Why Excellent Shoulder Care Improves Leg Day
Author : Jason "Hackattack" Hackney, CPT
The rotator cuff--misunderstood, ignored and most commonly, mistreated.
I am here to inform you about these four critical muscles that are also responsible for the mobility of one of the most important and complex joints in the body: the shoulder!
If ignored or trained improperly, problems ranging from poor posture, tendonitis, impingement, or even tears can sideline you from your sport or day-to-day life, so correct shoulder care is important.
Ironically, the biggest lifters in the gym (benching over 300, squatting over 500 and moving massive amounts of weights on the big lifts) often have weak rotator cuffs. Why? Because they NEVER specifically train them! Thus, making them more prone to injury.
I get it. The rotator cuff may not be as sexy or as exciting as ‘leg day.’ But, make sure to include it in your training rotation because it will help keep leg day (and ALL your days for that matter) stay on point.
Remember, it’s the little things that help the big things. Bench-pressing with a weak rotator cuff is like building a mansion on a foundation of only sand. Someday, there’s going to be a structural collapse.
The rotator cuff has a singular name, so many people think that it is a single muscle. It is actually four muscles, each with its own function and attachment points. The names of these muscles read like various pasta dishes off an Italian menu: the infraspinatus, supraspinatus, subscapularis and the teres minor.
Now, without evoking too much medical school jargon, lets quickly talk about the unique function of each muscle in this glamour group:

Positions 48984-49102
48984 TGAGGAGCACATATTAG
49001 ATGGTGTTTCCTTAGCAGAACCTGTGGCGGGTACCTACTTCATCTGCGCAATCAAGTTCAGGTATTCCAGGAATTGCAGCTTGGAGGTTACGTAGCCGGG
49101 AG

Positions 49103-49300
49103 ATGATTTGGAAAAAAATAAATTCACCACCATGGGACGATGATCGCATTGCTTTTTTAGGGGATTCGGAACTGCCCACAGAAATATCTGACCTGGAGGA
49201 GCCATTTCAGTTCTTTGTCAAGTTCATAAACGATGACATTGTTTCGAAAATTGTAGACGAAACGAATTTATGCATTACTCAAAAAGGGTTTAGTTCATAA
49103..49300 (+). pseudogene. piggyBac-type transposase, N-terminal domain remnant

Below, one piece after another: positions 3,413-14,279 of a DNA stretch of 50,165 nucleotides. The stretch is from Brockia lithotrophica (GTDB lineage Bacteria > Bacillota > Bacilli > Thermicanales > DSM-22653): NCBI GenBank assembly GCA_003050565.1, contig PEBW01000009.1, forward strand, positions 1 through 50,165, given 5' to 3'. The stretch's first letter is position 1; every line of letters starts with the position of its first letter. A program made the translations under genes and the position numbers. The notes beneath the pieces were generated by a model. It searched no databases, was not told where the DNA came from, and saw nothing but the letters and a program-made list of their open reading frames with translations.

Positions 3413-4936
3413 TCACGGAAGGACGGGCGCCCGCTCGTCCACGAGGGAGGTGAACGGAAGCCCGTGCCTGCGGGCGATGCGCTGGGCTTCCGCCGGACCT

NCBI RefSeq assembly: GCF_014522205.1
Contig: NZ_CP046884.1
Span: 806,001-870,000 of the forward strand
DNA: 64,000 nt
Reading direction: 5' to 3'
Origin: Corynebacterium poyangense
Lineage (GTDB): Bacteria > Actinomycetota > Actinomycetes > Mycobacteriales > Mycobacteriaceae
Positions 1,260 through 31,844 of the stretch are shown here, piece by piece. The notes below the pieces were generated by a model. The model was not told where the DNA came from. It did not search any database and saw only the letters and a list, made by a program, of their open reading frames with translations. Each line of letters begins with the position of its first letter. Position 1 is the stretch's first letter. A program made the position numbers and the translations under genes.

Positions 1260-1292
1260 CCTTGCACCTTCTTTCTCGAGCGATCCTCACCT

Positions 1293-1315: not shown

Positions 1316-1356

Supraspinatus—responsible for abducting (or lifting) the humerus (upper arm bone) away from the body
Infraspinatus—responsible for externally rotating the humerus
Teres minor—has the infraspinatus’ back by also backing up external rotation
Subscapularis—this one is all by its lonesome self on the other side of the scapula. Its the main driving force behind internal rotation
Signs of cuff issues can be: pain in certain movements, weakness, creaking or lack of mobility in either shoulder. The good news is strengthening exercises will reverse, if not resolve, many cuff issues! Remember, the shoulder joint is primarily built for mobility, NOT stability. Adding strength will always lend itself to making a joint more stable.
The most common forms of treatment for rotator cuff injury are conservative. They involve rest, ice and physical therapy. Within physical therapy, range of motion and strengthening exercises will be incorporated. The following list is a compilation of moves that I feel best hit all four muscles.
Hackattack Top 10 Rotator cuff exercises!
Face Pull with a rope cable attachment (pictured below)
Low pulley Face Pull w/handle attachments (from a semi-pronated curl position)
Tubing Internal Rotation Step-aways
W to Y’s (prone on a bosu ball)
1) Face pull with a rope/band--The cue here is to maintain good posture with the chest out, ensuring that you keep your elbows BELOW your shoulders. Hold the squeeze in the back for one second before returning to starting position.*
So how often should you train your rotator cuff? A lot! I recommend taking your favorite cuff exercises and throwing them at the end of every workout, ideally a few times a week. The cuff is tough. It is comprised of a good amount of slow-twitch muscle fiber, meaning it has endurance and can handle a lot of contraction. With shoulder work, less is more. The goal is not to One-Rep Max, so select lighter resistance and aim for longer, mindful, burning sets centered on good form and time under tension. I recommend 3-4 sets of 12-15 reps. Drop the ego, drop your weight, and go to fatigue. Think of shoulder care as an insurance policy for when you’re lifting heavier elsewhere.
Rotate that rotator cuff into your weekly training to keep your shoulders healthier throughout life!
Feel free to schedule a session with me (www.hackattackfitness.com) to learn these and other moves as well as discuss any shoulder concerns you may have.
Jason Hackney is an ACSM Personal Trainer. He trains at Bodywise Fitness (SLC), Wasatch Training Center (Park City) and in-home.